WTF Happened In 1971? By a website of the same name.
In the late 1960s the US tried to have both guns and butter. It fought the Vietnam war abroad and launched the welfare state at home. They couldn’t afford it, so they printed and borrowed.
For centuries, all currencies (except for a few short lived “experiments”) had been based on gold. After WWII the US had lots of the world’s gold, and other countries had too little. After the Bretton Woods agreement of 1944, other countries based their currency on the US dollar, which in turn was based on gold. But in the late 1960s the US was printing too much money to be able to back its currency with gold, and were running out of gold. So in 1971 President Nixon closed the gold window. No longer could other nations exchange fistfuls of US dollars for gold. It affected the whole world.
After 1971, all currencies in the world have been entirely paper affairs. Free of the constraint of convertibility to gold, governments could print as much as they wanted, subject only to the new constraints of inflation and trade balances. This gave the money printers, asset shufflers, and banks the upper hand economically. Why work, if you can just manufacture money or know when to buy or sell on borrowed (i.e. newly manufactured) money?
Real workers suffered. Bargaining power flowed to the money men. Hardly anyone knows this today, yet it shapes our social and economic landscape.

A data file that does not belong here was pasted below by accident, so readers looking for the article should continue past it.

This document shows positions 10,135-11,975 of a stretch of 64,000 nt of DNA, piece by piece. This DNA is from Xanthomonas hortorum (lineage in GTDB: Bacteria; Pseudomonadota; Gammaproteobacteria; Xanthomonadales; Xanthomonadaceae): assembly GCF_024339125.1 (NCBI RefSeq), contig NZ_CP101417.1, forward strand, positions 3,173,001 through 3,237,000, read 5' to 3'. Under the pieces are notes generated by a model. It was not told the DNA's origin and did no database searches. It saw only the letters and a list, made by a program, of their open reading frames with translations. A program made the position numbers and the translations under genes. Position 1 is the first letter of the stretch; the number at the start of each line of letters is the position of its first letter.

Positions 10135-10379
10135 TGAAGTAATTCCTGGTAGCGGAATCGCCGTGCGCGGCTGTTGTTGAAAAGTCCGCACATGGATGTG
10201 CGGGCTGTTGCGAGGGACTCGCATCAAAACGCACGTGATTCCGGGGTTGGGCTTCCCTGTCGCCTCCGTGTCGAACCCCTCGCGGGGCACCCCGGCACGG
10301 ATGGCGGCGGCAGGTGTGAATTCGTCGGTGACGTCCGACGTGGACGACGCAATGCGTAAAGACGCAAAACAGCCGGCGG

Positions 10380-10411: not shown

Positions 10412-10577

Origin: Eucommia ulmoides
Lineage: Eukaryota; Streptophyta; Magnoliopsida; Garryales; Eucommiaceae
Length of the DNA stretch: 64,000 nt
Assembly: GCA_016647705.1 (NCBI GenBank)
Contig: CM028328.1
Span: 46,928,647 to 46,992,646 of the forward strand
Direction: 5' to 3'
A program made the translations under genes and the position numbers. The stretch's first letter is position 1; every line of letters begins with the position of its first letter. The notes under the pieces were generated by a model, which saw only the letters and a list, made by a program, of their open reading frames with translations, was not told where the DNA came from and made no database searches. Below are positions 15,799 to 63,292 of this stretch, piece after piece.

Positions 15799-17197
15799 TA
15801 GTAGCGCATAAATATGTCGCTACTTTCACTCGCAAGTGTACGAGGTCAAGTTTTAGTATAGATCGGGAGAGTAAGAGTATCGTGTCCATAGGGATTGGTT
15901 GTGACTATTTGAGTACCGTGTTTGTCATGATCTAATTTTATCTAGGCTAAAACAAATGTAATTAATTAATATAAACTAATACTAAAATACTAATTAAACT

A few interesting graphs:
With printing now possible after 1971, “inflation” took off until governments learned to manage inflationary expectations by redefining it as the CPI:
The US has the world’s reserve country. Other countries need US dollars for trade, especially to buy oil from the Arabs. This huge demand meant the US could just print and export dollars, and receive real good and services in return. So let’s do it:
With increasing wealth inequality, populism is back:
Why did rock and roll take off in the 1950s? Did humans never realize before what fun it was? Were people in the 1950s so more musically advanced? Not really. The electric guitar had been invented around 1950. Prior to electronic amplification, the only way to get a really satisfyingly-loud musical noise was to mass 40 violins together into an orchestra (yawn).
Why did divorce take off in the 1970s? It wasn’t just due to feminism (which in turn came about partly because of the invention of the washing machine and other time saving household machines in the 1950s). Economic friction and money problems in families exacerbate divorce, and kids cannot afford to move out as early: